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VP Venkaiah Naidu, former PM Manmohan Singh at launch of Abhishek Manu Singhvi’s book Straight Talk
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VP Venkaiah Naidu, former PM Manmohan Singh at launch of Abhishek Manu Singhvi’s book Straight Talk

Shruti Mahajan

Straight Talk, a book penned by Senior Advocate Abhishek Manu Singhvi, was released by Vice President of India Venkaiah Naidu yesterday. Former Prime Minister Dr Manmohan Singh, who has penned the foreword for Singhvi’s Book, also attended the book release and delivered a special address.

‘Straight Talk’ is a compilation of sixty-three of Singhvi’s articles categorised in seven chapters ranging from governance, society, terrorism and the Judiciary to the media, nuclear trends and icons and heroes.

The book release was followed by a panel discussion on “India at 71: Hits and Misses” with Abhishek Manu Singhvi, along with Congress leaders P Chidambaram and Jyotiraditya Scindia, Trinamool Congress leader Dinesh Trivedi, and DMK leader A Kanimozhi on the panel. The discussion was moderated by Barkha Dutt.

VP Venkaiah Naidu, former PM Manmohan Singh at launch of Abhishek Manu Singhvi’s book Straight Talk

Vice-President Naidu, after officially releasing the book, said that Singhvi is not only one of India’s leading lawyers, but is also a seasoned politician and has made a mark for himself in Parliamentary debates.

He said that as the Chairman of the Rajya Sabha, he is happy to have Singhvi as a colleague in the Upper House. Touching upon the subjects covered by Singhvi in his new book, Naidu agreed with Singhvi’s recommendations made vis-à-vis media regulation, judicial activism, parliamentary proceedings et al.

VP Venkaiah Naidu, former PM Manmohan Singh at launch of Abhishek Manu Singhvi’s book Straight Talk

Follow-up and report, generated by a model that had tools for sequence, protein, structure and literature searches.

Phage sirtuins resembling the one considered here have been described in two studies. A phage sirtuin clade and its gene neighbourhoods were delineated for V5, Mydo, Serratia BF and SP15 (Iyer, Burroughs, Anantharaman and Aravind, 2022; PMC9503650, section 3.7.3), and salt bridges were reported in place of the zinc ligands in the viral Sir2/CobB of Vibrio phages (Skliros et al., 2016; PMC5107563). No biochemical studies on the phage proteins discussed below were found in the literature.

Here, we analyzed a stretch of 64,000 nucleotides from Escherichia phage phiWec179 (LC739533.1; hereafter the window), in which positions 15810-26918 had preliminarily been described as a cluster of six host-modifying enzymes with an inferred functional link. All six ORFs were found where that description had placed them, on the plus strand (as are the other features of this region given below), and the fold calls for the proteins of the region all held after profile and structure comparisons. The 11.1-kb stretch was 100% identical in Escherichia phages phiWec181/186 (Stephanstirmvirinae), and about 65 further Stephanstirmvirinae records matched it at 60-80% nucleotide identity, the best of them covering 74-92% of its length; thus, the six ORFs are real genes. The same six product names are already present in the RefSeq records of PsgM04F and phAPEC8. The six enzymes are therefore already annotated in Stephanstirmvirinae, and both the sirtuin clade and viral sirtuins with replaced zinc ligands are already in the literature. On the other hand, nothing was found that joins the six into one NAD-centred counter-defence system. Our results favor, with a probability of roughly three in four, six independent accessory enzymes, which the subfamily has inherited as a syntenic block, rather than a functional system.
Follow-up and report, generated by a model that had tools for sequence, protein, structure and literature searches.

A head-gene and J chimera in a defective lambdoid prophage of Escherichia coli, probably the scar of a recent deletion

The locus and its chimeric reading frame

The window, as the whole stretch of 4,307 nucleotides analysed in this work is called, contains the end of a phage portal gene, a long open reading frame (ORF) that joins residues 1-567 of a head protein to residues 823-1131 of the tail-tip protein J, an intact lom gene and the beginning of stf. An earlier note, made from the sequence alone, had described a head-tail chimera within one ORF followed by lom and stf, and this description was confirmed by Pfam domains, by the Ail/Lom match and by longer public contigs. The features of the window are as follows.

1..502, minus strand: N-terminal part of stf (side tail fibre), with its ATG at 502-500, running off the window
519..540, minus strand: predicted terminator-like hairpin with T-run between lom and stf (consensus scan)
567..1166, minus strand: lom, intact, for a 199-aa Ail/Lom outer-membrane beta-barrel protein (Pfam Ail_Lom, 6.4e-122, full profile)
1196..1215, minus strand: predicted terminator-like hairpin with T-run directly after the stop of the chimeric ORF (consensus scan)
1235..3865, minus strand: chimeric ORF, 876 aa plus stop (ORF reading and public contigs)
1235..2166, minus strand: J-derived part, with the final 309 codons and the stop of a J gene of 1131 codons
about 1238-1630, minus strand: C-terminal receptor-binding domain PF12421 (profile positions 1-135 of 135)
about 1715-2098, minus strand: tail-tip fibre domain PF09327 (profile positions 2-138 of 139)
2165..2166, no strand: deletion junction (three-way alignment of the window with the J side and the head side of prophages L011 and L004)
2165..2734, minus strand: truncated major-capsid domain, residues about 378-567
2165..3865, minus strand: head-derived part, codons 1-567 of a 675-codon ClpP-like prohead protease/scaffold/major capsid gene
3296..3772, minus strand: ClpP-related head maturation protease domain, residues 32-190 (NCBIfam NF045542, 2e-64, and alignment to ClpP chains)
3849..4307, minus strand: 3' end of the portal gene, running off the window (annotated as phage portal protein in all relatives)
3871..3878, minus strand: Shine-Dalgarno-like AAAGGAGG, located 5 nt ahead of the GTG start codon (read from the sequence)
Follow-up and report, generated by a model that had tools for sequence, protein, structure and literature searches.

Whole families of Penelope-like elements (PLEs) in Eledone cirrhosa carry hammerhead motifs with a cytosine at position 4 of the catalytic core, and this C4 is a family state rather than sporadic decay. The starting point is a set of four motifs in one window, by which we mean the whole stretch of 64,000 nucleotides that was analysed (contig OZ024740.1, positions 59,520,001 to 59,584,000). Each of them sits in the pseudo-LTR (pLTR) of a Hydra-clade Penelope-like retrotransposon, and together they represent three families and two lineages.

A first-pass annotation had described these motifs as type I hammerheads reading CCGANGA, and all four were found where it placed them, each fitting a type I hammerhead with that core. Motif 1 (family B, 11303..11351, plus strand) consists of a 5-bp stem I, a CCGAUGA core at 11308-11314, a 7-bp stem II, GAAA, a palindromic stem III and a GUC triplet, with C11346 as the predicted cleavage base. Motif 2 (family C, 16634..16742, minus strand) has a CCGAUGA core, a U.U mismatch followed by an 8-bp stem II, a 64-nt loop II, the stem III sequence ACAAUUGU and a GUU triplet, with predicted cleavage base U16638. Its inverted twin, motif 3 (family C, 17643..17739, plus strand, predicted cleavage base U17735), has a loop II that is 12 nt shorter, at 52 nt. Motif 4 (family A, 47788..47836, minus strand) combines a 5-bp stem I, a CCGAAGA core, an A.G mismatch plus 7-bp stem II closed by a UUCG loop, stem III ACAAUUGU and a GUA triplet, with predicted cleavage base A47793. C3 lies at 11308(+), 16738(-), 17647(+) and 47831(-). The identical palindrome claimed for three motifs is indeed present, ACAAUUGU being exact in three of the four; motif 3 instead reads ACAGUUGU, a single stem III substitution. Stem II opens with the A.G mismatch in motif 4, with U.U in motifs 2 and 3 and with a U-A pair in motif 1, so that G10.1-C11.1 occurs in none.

Dr Manmohan Singh, in his special address, said that the one word that comes to his mind for this book is “fusion”.

“He [Singhvi] has fused intellectual issues with the daily diversity of life in a highly communicative form making it readable for a large section of people.”

Dr. Singh said that a vibrant democracy is constituted of five institutions – Parliament, Executive, Judiciary, Media and Civil Society – and that Singhvi has established his role in all these spheres.

VP Venkaiah Naidu, former PM Manmohan Singh at launch of Abhishek Manu Singhvi’s book Straight Talk

The panel discussion commenced shortly after the book was officially released. This discussion delved into various aspects including secularism, electoral politics, the Judiciary, and the economy.

On the topic of the Judiciary and Collegium recommendations, Singhvi, in a no-holds barred approach, opined that the Judiciary should start issuing contempt notices to the government when Collegium recommendations and reiterations are sent back.

Singhvi, sharing statistics and figures stated in his book, said that the ideal number of judges in a country should be 50 for every 1 million people. While most countries do with thirty to forty judges per million people, India stands at a shocking 14.

The Judiciary as well as the Executive, are responsible for this gap, Singhvi stated.

“It is like having lots of nice hospitals but no doctors for treatment”, he said.

Singhvi said that there are judgments of the Supreme Court which say that if a recommendation is made once, the government has the right to reject it; but if the recommendation is reiterated, the government has to accept it.

VP Venkaiah Naidu, former PM Manmohan Singh at launch of Abhishek Manu Singhvi’s book Straight Talk

On Justice KM Joseph’s candidature for appointment as a judge to the apex court, Singhvi called it “bizarre”. 

P Chidambaram added,

“In Justice Joseph’s case, the fault is on Judiciary’s part for not reiterating the recommendation.”

Although, he said that this case is an exception, normally the fault lies with the government.

Justice KM Joseph’s name was recommended by the Supreme Court Collegium along with now-Justice Indu Malhotra. The government had cleared only Justice Malhotra’s name and rejected Justice KM Joseph’s candidature, giving rise to a big controversy.